Jennifer asks, "Do you know how to use Google Data Studio to look at website traffic in a 10 minute window before and after a television commercial air time?"
The field you'll be looking for in the API is ga:dateHourMinute, and it's formatted in YYYYMMDDHHMM format. There are a couple of gotchas about how to use this data, including it crashing your browser, so watch the video for a full explanation.
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What follows is an AI-generated transcript. The transcript may contain errors and is not a substitute for watching the video.
In today's episode, Jennifer asks, Do you know how to use Google Data Studio to look at website traffic in a 10 minute window before and after a television commercial time errs? So, interesting application, I don't know that I would use data.
Well, data steel work for this.
Yes, there's a way to do that Google Analytics keeps three different date parameters that keeps the year, the year, month and day.
That's one parameter, the GA date parameter, does hour of day, and then it does minute.
There's a consolidated text field called ga date hour minute, which you can find in in Google Analytics and Google Data Studio that you can then visualize it in some forums as as a chart so let's look at how to switch over here to our application.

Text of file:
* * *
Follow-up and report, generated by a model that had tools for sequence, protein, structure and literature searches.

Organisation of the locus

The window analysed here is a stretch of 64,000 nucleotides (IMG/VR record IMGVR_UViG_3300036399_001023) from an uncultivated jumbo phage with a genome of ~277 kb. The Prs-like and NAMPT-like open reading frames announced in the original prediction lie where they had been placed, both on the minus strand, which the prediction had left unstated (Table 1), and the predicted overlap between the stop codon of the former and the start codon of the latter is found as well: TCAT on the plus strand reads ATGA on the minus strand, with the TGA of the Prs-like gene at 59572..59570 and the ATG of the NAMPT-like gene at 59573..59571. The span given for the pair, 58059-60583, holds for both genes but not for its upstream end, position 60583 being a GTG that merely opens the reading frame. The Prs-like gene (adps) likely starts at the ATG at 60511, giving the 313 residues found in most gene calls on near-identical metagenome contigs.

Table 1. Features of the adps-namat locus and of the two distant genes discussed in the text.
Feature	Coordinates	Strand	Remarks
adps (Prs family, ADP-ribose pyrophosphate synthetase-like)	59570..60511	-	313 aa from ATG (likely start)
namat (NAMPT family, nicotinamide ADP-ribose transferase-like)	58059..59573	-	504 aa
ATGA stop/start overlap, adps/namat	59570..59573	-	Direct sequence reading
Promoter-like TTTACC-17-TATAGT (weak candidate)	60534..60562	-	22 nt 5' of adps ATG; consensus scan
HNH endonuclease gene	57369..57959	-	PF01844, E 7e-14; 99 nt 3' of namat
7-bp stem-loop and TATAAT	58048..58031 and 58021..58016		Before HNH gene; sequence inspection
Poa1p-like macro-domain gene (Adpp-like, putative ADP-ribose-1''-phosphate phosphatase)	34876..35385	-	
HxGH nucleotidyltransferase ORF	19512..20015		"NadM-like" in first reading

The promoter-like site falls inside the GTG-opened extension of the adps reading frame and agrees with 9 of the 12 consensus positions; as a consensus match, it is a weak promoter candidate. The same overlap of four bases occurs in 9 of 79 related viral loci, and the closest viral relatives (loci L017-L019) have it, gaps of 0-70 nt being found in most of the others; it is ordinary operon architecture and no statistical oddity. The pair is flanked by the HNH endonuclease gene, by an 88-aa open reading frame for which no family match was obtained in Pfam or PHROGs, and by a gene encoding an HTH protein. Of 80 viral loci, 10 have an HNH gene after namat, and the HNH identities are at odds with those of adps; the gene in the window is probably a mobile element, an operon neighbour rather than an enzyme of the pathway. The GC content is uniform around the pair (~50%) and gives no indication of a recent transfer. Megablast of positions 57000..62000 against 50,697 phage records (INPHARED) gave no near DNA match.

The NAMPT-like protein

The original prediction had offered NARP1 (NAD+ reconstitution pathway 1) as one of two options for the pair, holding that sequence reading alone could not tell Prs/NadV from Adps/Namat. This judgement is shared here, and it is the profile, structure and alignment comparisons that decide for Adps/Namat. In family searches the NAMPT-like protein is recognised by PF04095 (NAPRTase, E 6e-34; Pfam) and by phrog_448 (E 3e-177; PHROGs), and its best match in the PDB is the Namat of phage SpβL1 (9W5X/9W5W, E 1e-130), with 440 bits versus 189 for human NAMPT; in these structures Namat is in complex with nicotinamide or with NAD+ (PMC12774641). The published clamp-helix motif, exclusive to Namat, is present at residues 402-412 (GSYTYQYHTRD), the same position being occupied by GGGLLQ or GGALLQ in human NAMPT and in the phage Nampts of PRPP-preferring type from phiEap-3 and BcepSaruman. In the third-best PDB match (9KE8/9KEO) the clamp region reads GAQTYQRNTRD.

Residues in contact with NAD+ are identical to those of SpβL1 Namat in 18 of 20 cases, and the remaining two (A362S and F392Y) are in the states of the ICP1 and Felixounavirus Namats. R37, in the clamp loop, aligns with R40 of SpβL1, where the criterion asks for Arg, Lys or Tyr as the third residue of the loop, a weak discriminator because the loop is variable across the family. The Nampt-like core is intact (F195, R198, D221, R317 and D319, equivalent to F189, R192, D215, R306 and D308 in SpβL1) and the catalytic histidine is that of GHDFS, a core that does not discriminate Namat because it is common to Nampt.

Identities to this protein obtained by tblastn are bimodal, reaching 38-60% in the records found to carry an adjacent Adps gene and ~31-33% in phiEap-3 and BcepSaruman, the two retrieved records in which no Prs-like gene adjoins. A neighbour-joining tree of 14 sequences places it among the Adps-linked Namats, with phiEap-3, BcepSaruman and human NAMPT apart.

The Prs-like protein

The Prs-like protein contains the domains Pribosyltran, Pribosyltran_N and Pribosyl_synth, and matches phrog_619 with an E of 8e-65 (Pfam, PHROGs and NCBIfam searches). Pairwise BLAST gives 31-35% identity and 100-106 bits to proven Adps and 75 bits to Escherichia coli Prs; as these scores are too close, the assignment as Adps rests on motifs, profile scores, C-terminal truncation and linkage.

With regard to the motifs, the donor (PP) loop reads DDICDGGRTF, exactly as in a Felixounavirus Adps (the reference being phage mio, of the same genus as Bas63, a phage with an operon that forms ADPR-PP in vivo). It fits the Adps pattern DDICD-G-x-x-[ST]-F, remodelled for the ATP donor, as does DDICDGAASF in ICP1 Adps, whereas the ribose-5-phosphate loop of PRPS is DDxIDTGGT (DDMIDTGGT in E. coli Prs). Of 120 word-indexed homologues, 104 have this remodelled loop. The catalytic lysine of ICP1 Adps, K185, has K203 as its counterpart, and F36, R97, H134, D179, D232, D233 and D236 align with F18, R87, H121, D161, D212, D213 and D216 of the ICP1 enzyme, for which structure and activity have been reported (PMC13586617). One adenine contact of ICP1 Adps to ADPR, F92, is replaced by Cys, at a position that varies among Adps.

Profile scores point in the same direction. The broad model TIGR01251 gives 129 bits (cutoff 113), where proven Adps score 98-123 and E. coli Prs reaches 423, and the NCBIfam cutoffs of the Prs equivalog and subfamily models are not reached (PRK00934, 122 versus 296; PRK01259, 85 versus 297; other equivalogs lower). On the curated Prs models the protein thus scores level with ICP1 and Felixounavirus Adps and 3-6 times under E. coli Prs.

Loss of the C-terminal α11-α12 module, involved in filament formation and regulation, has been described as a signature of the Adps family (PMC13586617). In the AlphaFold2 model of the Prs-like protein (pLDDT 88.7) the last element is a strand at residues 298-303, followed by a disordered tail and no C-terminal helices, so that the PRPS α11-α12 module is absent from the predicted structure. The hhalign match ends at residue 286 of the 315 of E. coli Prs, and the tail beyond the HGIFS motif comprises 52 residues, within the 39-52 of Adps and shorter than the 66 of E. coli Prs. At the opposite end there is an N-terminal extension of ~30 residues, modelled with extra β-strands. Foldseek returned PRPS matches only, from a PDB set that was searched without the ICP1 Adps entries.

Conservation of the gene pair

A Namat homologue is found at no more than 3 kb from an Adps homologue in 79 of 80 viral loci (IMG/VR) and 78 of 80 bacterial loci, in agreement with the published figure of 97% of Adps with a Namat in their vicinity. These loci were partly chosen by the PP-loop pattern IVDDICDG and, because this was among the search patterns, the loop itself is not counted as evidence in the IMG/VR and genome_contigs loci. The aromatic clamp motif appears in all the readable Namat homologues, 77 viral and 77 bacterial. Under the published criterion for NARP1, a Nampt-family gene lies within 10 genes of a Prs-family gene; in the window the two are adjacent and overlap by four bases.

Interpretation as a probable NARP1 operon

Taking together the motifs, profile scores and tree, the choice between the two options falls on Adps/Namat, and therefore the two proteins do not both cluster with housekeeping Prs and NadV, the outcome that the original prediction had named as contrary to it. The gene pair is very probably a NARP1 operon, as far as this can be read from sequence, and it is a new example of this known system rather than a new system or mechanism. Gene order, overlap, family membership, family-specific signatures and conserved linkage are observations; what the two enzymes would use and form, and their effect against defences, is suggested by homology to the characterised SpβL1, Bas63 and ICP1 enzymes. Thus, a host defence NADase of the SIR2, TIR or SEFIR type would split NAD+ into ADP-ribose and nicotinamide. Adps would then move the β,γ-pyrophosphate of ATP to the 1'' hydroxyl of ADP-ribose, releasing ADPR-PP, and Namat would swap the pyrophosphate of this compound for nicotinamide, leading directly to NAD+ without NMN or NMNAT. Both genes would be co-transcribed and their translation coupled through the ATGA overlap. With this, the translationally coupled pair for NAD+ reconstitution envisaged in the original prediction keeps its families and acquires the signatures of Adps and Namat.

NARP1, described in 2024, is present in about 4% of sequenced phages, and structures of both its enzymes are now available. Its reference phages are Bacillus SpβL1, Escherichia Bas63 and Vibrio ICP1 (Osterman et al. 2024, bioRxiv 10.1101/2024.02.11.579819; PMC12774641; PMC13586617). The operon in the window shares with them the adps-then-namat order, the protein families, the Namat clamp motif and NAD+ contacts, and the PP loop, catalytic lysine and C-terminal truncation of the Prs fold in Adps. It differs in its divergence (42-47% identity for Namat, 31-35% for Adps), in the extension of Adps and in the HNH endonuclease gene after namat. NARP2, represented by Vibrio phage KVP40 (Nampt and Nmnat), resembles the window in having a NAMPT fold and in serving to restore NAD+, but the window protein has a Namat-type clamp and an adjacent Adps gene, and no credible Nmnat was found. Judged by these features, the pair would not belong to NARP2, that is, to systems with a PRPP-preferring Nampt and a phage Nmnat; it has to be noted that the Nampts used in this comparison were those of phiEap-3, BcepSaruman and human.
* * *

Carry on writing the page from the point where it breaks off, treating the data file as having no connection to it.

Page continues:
So here we are.
Google Data Studio.
Let's go ahead and make sure obviously, that you're you have a data source connected.
That is a Google Analytics account.
And just as a general best practice, always slap a little date browser there.
Now let's go ahead and start with a table.
Slap this table in here.
And we have pageviews.
And we have medium.
So if I start typing date in here, you'll see date, date and date, our minute date, our minute is a field we're looking for.
Now, one thing you'll notice though, is that date our minute is shows up as a text field.
And the reason for this is because it's a large glued together dimension of those other three dimensions, which means that you can't treat it as a date, which is somewhat problematic.
You can possibly switch it over here like this.
Ah, there we go.
So now we've converted the datatype to date hour a minute and that means that opens up the ability for us to look at this at a much more granular level.
level, it also means we can now use things like line charts to be able to visualize a little bit better.
There's an incredible, incredibly dense chart.
So now we've got our pageviews.
The next thing we're going to want to do is we're going to want to provide some level of filtering.
By the way, if your computer is not up to the task of visualizing that much data, because you're talking about 10s of thousands of lines, make sure that you don't hit chart buttons you don't mean to.
So we've got this The next thing we're going to want to do is slap some kind of filtering on this for the period of time that you're looking for, so that your computer again does not attempt to render this chart repeatedly and just crashed.
So if you know the specific timeframe that you're looking for, specified as a custom time frame here, you can see even with a relatively new computer, this is my browser is struggling to keep up with just the sheer number of have lines on this chart.